You are here

End-of-course testing scores released for Madison County schools

Selina Iglesias

Greene Publishing, Inc.

The Florida Department of Education (FDOE) has the Florida Standards Assessments (FSA) in place to help students succeed in English (ELA), mathematics, history, science, social studies and end-of-course (EOC) subjects by measuring learning gains and progress, and recently, the FDOE released the FSA results for the 2015-2016 school year for Madison County:

English EOC results for the district

Third grade, 193 students:  testing score of 297, 47 percent passed

Fourth grade, 191 students: testing score of 300, 34 percent passed

Fifth grade, 176 students: testing score of 309, 34 percent passed

Sixth grade, 178 students: testing score of 317, 31 percent passed

Seventh grade, 145 students: testing score of 316, 25 percent passed

Eighth grade, 155 students: testing score of 328, 36 percent passed

Ninth grade, 192 students: testing score of 330, 31 percent passed

10th grade, 188 students: testing score of 341, 34 percent passed

Science EOC results for the district

Fifth grade, 176 students: testing score of 193, 39 percent passed

Eighth grade, 115 students: testing score of 184, 17 percent passed

U.S. History EOC results for the district

10th grade, 16 students: testing score of 394, 31 percent passed

11th grade, 126 students: testing score of 393, 42 percent passed

Civics EOC results for the district

151 students: testing score of 384, 38 percent passed

Science EOC results for the district

Fifth grade, 176 students: testing score of 193, 39 percent passed

Eighth grade, 115 students: testing score of 184, 17 percent passed

Biology 1 EOC results for the district

Eighth grade, 41 students: testing score of 405, 71 percent passed

Ninth grade, 76 students: testing score of 387, 39 percent passed

10th grade, 105 students: testing score of 385, 33 percent passed

Algebra 1 EOC results for the district

Eighth grade, 18 students: testing score of 506, 78 percent passed

Ninth grade, 116 students: testing score of 470, 11 percent passed

Algebra 2 EOC results for the district

10th grade, 59 students: testing score of 508, 46 percent passed

11th grade, 33 students: testing score of 482, 21 percent passed

Geometry EOC results for the district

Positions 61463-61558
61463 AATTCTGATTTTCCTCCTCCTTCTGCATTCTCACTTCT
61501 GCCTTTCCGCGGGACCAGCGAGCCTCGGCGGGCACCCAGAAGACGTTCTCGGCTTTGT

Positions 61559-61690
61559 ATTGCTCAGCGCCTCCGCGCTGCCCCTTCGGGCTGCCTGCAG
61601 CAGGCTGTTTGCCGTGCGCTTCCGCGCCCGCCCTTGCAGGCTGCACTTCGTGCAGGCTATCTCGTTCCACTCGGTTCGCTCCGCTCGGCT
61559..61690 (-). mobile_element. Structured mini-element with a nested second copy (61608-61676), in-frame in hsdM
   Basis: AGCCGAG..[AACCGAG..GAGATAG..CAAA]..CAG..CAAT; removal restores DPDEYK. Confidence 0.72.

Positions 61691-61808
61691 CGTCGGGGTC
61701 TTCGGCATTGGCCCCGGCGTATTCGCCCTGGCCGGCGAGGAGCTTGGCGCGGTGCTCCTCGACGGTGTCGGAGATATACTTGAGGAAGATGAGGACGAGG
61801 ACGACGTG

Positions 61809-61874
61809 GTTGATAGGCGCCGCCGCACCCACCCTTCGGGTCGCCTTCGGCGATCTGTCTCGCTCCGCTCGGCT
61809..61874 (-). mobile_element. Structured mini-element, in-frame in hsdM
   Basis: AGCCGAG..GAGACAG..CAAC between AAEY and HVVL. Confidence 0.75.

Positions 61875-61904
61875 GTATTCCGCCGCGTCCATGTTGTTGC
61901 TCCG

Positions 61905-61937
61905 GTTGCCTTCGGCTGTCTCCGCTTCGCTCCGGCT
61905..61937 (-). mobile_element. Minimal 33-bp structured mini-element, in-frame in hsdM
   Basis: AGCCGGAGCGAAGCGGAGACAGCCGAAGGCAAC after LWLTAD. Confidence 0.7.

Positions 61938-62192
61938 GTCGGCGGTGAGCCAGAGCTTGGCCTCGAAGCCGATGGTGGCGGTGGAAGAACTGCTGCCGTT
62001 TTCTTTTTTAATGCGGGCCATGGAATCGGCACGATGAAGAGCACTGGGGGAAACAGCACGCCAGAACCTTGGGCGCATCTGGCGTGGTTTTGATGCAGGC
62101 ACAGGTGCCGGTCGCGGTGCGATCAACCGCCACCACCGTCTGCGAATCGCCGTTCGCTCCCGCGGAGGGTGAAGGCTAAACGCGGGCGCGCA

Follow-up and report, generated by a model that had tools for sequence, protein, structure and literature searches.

Eighth grade, 18 students: testing score of 516, 89 percent passed

Ninth grade, 65 students: testing score of 501, 57 percent passed

10th grade, 54 students: testing score of 492, 37 percent passed

11th grade, 35 students: testing score of 468, 3 percent passed

12th grade, 12 students: testing score of 465, 17 percent passed

Mathematics EOC results for the district

Third grade, 192 students: testing score of 302, 63 percent passed

Fourth grade, 194 students: testing score of 304, 43 percent passed

Fifth grade, 177 students: testing score of 312, 41 percent passed

Sixth grade, 178 students: testing score of 314, 31 percent passed

Seventh grade, 152 students: testing score of 320, 34 percent passed

Eighth grade, 120 students: testing score of 326, 29 percent passed

These scores contribute to the overall district grade as well as the school's grades.

As readers might recall, the 2016 grades for the district schools were:

Greenville Elementary, B

Lee Elementary, C

Madison County Central, D

Madison County High School, D

Pinetta Elementary, A

James Madison Prep, C

The district as a whole received a “C.” This grade is based on the overall performance of every school.

Every year, the FDOE uses a point system based on student achievement and progress in order to decide which grade each school in the district will receive. This year, FDOE assessed each school in the district with four achievement components: English and language arts, mathematics, science and social studies. These components include student performance on statewide standard assessments, including comprehensive assessments, EOC assessments and Florida Alternate Assessments (FAA). In addition, FDOE also took a look at learning gains. High school grades are based off of graduation rate, dual enrollment and industry certification.

Learning gains means that the student demonstrates growth from one year to the next year. If learning gains are not achieved sufficiently, the schools will be unable to improve their grades.

Brown reports that PES did well across the board of achievement, with a 90 percent pass rate. The students in the fourth and fifth grade showed learning gains.

Although GES drastically changed its 2015 grade of an “F” to a “B,” for the second time in history, Brown points out that, statistically, smaller schools such as GES have a hard time keeping their good grades and achieving learning gains. LES dropped from their 2015 grade of an “A” to a “C” because of their difficulty achieving learning gains. However, Brown anticipates that LES and PES will be high performance schools.

MCCS and MCHS are low-performing schools but Brown is hopeful that they will show improvement.

Brown points out that, statistically, many low-performing schools have students who are stricken by poverty, whether at the state poverty level or below.

However, Brown does not see this as a setback. “All students can learn,” said Brown. “We aren't looking at poverty as an excuse, but [as] a reality.”

Despite all of the challenges the schools are facing, Brown is still confident that things will improve.

“[The district] has to have everyone on board to improve the schools,” said Brown. “I feel good about the next year. I feel our district is poised for success and we're going to have good things this [upcoming school] year.”

Share this:

Related posts